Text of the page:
Early prediction of formulation behaviour for new antibody products

Lead Research Organisation: Imperial College London
Department Name: Department of Chemical Engineering


Antibody-based biologics such as monoclonal antibodies (mAbs) are a fast-growing segment of the biopharmaceutical industry due to their distinctive therapeutic potential. The global market for antibody-based therapeutics is forecasted to reach $114.6 billion by 2022 growing at a compound annual growth rate (CAGR) of 6.3% from 2017 to 2022 (Dewan, 2017). In contrast to traditional small molecule drugs, mAbs have high levels of specificity with low toxicity profiles, which drives their success in targeting previously untreatable indications (Keizer et al, 2010). Consequently, there has been a rise in research interest in developing novel mAb therapies and biosimilars.
Formulation development remains a major challenge in mAb production as there is a high demand to formulate therapeutics economically and effectively for safe delivery to patients. The increased complexity of these large molecule makes them more unstable and prone to chemical and/or physical degradation, therefore requiring special handling and storage. Lyophilisation, or freeze drying is a common method used in industry to preserve chemical and biological properties of mAbs to sustain long-term stability and improve shelf life (Carpenter et al, 2002). Protein aggregation is a common problem that can occur at any stage of the manufacturing process up until drug administration. Not only can aggregation affect protein function and decrease product yield, it can also reduce the therapeutic half-life and cause immunogenic reactions in patients (Wang et al, 2007).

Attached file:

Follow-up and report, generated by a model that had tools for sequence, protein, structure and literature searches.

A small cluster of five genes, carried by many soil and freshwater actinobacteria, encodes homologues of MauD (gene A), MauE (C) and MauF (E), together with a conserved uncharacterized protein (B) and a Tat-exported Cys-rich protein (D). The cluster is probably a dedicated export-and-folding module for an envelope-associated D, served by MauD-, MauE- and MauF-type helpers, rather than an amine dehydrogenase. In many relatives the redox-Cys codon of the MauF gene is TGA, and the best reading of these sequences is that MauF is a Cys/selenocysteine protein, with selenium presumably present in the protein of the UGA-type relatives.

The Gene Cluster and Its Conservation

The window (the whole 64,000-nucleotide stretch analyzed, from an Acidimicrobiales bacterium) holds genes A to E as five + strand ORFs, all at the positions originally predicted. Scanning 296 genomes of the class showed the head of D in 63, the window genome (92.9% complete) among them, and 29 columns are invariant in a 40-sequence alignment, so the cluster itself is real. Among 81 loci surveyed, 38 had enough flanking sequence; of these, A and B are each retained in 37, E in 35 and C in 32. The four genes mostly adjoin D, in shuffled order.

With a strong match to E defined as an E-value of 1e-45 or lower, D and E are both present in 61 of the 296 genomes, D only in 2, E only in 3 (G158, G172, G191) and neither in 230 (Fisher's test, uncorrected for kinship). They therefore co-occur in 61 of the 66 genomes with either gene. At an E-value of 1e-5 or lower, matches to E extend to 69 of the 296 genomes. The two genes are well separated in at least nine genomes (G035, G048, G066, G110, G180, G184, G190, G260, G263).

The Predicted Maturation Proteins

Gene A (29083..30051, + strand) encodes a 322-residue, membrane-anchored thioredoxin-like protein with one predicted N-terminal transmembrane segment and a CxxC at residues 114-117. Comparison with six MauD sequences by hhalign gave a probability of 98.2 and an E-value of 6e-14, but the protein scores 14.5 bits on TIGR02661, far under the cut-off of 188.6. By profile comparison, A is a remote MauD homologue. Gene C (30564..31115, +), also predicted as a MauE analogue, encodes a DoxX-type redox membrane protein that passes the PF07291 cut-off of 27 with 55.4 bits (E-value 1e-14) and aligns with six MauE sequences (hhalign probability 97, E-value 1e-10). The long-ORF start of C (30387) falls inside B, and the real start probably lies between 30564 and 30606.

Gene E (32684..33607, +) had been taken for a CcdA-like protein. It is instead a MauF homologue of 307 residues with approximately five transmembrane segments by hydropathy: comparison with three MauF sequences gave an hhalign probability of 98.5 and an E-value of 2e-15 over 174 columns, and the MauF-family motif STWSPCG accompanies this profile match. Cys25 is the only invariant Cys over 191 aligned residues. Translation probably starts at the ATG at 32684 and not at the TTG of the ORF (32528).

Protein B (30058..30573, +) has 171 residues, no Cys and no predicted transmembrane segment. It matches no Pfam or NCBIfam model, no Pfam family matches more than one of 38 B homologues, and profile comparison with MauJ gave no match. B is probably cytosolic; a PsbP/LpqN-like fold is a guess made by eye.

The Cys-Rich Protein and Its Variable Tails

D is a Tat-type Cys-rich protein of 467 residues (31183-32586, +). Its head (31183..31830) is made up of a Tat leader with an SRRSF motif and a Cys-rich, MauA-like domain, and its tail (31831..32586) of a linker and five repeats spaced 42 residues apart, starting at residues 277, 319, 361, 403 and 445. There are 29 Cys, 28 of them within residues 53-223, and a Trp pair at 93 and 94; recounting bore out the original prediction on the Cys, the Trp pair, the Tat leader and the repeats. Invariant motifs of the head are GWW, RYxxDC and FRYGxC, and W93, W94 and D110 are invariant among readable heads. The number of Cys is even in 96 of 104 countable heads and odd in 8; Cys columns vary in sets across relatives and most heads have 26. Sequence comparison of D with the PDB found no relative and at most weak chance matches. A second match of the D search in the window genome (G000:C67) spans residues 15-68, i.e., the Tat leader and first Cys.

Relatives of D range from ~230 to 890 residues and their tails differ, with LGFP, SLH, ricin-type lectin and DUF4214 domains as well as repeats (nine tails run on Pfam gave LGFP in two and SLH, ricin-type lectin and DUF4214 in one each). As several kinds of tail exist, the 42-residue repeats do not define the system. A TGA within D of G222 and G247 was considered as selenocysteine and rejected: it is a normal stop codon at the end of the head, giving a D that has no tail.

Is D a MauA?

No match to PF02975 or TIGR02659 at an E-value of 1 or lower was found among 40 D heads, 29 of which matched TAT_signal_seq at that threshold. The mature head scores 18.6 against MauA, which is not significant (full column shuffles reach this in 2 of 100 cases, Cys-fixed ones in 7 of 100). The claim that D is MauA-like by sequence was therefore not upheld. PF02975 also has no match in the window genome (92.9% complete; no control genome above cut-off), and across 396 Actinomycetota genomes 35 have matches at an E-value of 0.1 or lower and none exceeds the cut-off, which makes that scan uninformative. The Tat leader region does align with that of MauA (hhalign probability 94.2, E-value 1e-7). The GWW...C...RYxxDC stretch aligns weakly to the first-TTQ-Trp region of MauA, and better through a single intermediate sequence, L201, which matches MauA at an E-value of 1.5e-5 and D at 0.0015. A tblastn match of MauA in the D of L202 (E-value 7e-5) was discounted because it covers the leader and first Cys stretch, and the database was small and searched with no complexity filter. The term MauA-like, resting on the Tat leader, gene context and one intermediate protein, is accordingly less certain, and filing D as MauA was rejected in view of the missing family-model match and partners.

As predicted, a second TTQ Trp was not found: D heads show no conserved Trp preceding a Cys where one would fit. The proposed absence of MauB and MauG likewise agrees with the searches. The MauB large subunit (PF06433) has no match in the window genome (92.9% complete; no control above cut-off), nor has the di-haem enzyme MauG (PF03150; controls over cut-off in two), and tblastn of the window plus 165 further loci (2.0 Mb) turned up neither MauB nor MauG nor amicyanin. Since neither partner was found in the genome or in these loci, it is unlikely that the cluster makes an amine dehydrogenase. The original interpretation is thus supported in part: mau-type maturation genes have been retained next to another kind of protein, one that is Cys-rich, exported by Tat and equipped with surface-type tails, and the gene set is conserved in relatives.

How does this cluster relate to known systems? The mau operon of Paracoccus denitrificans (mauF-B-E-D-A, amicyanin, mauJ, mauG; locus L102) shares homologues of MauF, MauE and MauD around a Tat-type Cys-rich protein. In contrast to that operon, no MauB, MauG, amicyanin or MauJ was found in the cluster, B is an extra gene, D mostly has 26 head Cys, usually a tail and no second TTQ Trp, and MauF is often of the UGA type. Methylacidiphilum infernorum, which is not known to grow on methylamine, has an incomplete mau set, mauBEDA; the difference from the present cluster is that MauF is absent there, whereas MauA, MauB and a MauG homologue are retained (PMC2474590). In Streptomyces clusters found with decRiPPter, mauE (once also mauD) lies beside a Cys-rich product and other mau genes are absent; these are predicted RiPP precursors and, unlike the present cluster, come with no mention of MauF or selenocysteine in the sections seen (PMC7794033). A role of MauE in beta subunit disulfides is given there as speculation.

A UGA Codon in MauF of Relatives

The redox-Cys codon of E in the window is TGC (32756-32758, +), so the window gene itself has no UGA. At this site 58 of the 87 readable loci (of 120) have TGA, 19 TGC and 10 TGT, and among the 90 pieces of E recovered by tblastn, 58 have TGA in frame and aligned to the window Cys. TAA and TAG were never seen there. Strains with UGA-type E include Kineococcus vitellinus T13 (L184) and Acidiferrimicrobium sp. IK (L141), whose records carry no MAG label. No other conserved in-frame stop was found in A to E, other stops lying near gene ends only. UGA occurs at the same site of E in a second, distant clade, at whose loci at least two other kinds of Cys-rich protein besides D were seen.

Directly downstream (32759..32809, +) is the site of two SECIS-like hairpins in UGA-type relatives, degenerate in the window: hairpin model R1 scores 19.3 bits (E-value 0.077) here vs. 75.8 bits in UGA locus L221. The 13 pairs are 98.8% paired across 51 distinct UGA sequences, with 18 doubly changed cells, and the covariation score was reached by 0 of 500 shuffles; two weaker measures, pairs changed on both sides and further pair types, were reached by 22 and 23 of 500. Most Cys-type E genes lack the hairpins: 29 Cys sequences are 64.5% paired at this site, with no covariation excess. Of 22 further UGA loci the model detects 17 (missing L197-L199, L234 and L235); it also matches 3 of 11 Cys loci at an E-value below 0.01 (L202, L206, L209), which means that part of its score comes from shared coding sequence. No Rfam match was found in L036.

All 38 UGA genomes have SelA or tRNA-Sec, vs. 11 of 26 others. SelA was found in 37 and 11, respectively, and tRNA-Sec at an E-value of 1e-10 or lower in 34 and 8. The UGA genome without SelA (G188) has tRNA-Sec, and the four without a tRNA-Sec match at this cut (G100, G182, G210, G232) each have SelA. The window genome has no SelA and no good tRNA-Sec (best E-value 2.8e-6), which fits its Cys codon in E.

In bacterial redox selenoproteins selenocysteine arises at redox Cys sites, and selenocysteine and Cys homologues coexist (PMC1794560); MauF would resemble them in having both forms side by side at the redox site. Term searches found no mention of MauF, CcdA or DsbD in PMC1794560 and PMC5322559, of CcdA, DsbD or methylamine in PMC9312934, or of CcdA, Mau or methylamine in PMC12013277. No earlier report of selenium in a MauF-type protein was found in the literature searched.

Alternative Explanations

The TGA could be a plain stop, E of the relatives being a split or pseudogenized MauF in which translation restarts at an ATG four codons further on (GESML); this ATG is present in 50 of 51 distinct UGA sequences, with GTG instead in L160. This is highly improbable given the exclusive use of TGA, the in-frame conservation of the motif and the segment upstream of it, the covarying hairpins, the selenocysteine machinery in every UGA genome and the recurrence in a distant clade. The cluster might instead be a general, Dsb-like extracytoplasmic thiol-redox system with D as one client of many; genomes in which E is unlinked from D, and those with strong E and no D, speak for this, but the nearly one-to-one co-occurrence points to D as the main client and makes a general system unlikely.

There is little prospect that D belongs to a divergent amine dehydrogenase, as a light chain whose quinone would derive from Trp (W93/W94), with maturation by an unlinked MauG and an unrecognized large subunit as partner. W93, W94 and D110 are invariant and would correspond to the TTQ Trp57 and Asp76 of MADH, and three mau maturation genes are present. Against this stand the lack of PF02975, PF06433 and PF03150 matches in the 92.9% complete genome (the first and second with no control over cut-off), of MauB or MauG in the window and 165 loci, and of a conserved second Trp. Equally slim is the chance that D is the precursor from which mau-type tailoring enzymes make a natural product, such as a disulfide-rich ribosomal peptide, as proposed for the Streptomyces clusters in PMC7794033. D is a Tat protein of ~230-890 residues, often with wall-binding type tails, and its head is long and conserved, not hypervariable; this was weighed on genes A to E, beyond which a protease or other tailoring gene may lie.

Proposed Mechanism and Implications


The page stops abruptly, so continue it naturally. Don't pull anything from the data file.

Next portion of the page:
Previous work at SPEL have uncovered the relationship between the Osmotic second virial coefficient (B22) obtained from self-interaction chromatography (SIC) and propensity of mAb aggregation (Hedberg et al, 2018). The aim of the project is to further investigate aggregation propensity of liquid and lyophilised biotherapeutics and understand the mechanisms of aggregation to help predict aggregation tendencies of novel mAbs. In addition to extensive structural characterisation, functionality will be investigated to assess biological activity and immunogenicity.


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Studentship Projects

Project Reference Relationship Related To Start End Student Name
BB/M011178/1 01/10/2015 30/09/2023
2367694 Studentship BB/M011178/1 30/09/2019 30/09/2023 Kam Yenh Hua